Locals go for broke at big-time races


News staff writer

March 22, 2006

The slopes of Mt. Hood Meadows Ski Resort will be brimming this week with the top 13-and 14-year-old-racers in the Western region, racing in one of the most elite events in the country for young downhill skiers. The 2006 Chevrolet J3 Junior Olympics kicks off Thursday and runs into the weekend, with racers from Alaska, California, Idaho, Montana, Nevada, Oregon, Washington and Wyoming competing for slalom, giant slalom and super-G titles.

And representing Hood River in the cream-of-the-crop event will be Cooper Spur Race Team members and Hood River Valley High School students Isaac Bubb and Tanner Boudreau. Bubb qualified high in the boys’ division with his second-place showing at last season’s Snowbird, Utah, Junior Olympics and Boudreau, who is also a top-notch local racer, was chosen as an alternate for the four-day race.

The event, which will bring more than 200 young racers and 250 volunteers to Mount Hood for the week, will be hosted by the Meadows Race Team. The MRT has had two seasons to prepare for the event, after it was relocated last season from Meadows to Snowbird due to lack of snow in the Cascades.

“The Meadows Race Team is very excited to welcome the best in the West,” commented MRT Program Director Nigel Loring. “MRT’s race crew is a highly experienced group with a proven track record of hosting professionally run events. We have the proven skills, experience and resources necessary to put on a truly ‘classic’ event.”

Also representing Hood River in upcoming top-level youth ski racing are Fletcher Hukari and Joe Scanzo. The two will race in the Western Regional Championships, which is essentially the same as the Junior Olympics but for racers ages 15-18. Hukari, from the Cooper Spur Race Team, and Scanzo, from the Meadows Race Team, were selected to represent the Northwest region in the Mt. Schweitzer, Idaho, event, which is also this week.

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Parkdale third graders sing "12 Disaster Days of Christmas"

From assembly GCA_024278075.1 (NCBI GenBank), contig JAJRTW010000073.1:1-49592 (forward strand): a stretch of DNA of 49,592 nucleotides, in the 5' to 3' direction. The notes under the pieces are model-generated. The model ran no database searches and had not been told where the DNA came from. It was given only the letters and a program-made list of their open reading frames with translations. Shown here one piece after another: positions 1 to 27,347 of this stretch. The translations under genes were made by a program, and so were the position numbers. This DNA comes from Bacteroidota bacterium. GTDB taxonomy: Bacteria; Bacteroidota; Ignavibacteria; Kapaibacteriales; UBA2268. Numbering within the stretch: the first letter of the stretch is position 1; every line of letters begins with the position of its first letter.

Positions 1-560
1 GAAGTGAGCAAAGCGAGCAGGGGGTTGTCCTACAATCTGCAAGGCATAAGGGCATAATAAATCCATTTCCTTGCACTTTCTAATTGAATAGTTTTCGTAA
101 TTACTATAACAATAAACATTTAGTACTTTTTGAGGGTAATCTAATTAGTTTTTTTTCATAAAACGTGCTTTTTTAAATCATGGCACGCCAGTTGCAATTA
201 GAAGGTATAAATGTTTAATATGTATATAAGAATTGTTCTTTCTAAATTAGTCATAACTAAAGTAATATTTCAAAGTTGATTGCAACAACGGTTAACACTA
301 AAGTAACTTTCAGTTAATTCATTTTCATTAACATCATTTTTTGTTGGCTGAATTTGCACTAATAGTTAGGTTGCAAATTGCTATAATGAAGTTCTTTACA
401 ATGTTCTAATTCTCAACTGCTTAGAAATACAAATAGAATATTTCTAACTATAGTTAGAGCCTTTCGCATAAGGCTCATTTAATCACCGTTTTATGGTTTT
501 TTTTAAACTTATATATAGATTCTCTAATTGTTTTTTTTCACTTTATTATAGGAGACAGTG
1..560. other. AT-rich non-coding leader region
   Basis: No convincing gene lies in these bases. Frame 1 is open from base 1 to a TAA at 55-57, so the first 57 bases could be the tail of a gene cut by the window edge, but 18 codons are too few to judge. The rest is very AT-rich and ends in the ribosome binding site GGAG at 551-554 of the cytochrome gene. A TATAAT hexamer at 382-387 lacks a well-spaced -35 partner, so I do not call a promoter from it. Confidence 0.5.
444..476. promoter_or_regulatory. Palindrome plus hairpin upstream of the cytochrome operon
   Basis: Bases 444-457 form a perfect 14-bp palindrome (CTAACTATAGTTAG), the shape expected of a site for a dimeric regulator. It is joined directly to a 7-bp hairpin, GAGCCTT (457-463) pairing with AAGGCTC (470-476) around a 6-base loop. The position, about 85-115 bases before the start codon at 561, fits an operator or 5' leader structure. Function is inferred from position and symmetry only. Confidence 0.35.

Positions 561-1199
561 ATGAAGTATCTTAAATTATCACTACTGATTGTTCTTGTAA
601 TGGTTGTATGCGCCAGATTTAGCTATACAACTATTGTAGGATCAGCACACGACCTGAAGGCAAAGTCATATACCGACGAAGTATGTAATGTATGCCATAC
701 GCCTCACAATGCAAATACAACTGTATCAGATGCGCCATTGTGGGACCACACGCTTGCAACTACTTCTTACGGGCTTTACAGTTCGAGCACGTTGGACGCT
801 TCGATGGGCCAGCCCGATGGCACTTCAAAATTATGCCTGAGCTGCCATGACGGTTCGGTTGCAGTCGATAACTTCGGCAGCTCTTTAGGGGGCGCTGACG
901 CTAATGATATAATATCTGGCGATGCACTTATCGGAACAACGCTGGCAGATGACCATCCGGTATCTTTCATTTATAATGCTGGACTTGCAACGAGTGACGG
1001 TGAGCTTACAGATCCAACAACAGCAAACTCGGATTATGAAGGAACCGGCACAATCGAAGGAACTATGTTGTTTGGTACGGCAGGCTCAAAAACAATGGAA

Welcome to your sing-able Christmas gift list. What follows is an emergency rendition of “12 Days of Christmas” – for outfitting your home or car in case of snow storm, earthquake, flood or other emergency. Read it as a simple list, or sing it to the tune of “12 Days” – you know, as in “ … and a partridge in a pear tree…” Not to make light of it, but the song is a familiar framework for a set of gift ideas that you could consider gathering together, even if the recipient already owns items such as a bunch of coats, tire chains and flashlights. Stores throughout the Gorge are stocked up on all these items. Buying all 12 days might be prohibitive, but here are three ideas for checking any of the dozen off your list (notations follow, 1-12.) The gift items needed to stay warm, dry and safe are also coded to suggest items in your abode (A) in your car (C) or both (B). 12 Gallons of Water (A) 11 Family meals (B) 10 Cans of propane (A) 9 Hygiene bags (B) 8 Packs of batteries (A) 7 Spare coats (B) 6 Bright red flares (C) 5 Cozy blankets (B) 4 Tire chains (C) 3 Flashlights (B) 2 cell phone chargers (B) 1 And a crush-proof first aid kit (B) Price ranges? Here’s a few quotes for days Three, Two, Four and Nine: n A family gift of flashlights (three will run $15-30, Hood River Supply, Tum-A-Lum) n Cell phone chargers (two will run $30-60) n Tire chains (basic set, $30, Les Schwab, returnable if unused for the winter) n Family meals ($100 or so should cover the basics for three or four reasonably well-fed days) n The home kit should be kept in a handy place near an exit, and remember that water needs to be replenished every few months. If you have a solid first aid kit already, switch out the gift idea with “and-a-sto-o-u-t- tub-for it-all …” Otherwise, it’s a case of assembling your home or car kits and making sure all members of the family know what the resources are and how to use them (ie flares and propane). Emergency situations are at worst life-threatening, at best deeply uncomfortable if you and your family are left without power for an extended period, or traveling and find yourself in a situation where you need to wait out a storm, lengthy traffic delay, or other crisis. Notes on the 12 gift ideas: 12 – Gallons of water: that’s one per person in a four-member family to last for three days, the recommended minimum to be prepared for utility outages. 11 – Easy-open packaged goods, energy bars, dried food and nuts are good things to include for nutrition. Think of what your family of four needs for three days to stay fortified and hydrated (see number 12). Can-opener also recommended 10 – If you have a propane camping stove, keep extra fuel handy. 9 – Hygiene bags: put packaged moistened towelettes, toilet paper, and plastic ties in large garbage bags (for personal sanitation) Resource list courtesy of Hood River County Emergency Management, Barbara Ayers, manager/ 541-386-1213. The county also reminds residents to Get a Kit, Make A Plan to connect your family if separated, and Stay Informed. See www.co.hood-river.or.us to opt-in for citizen alerts. Enlarge

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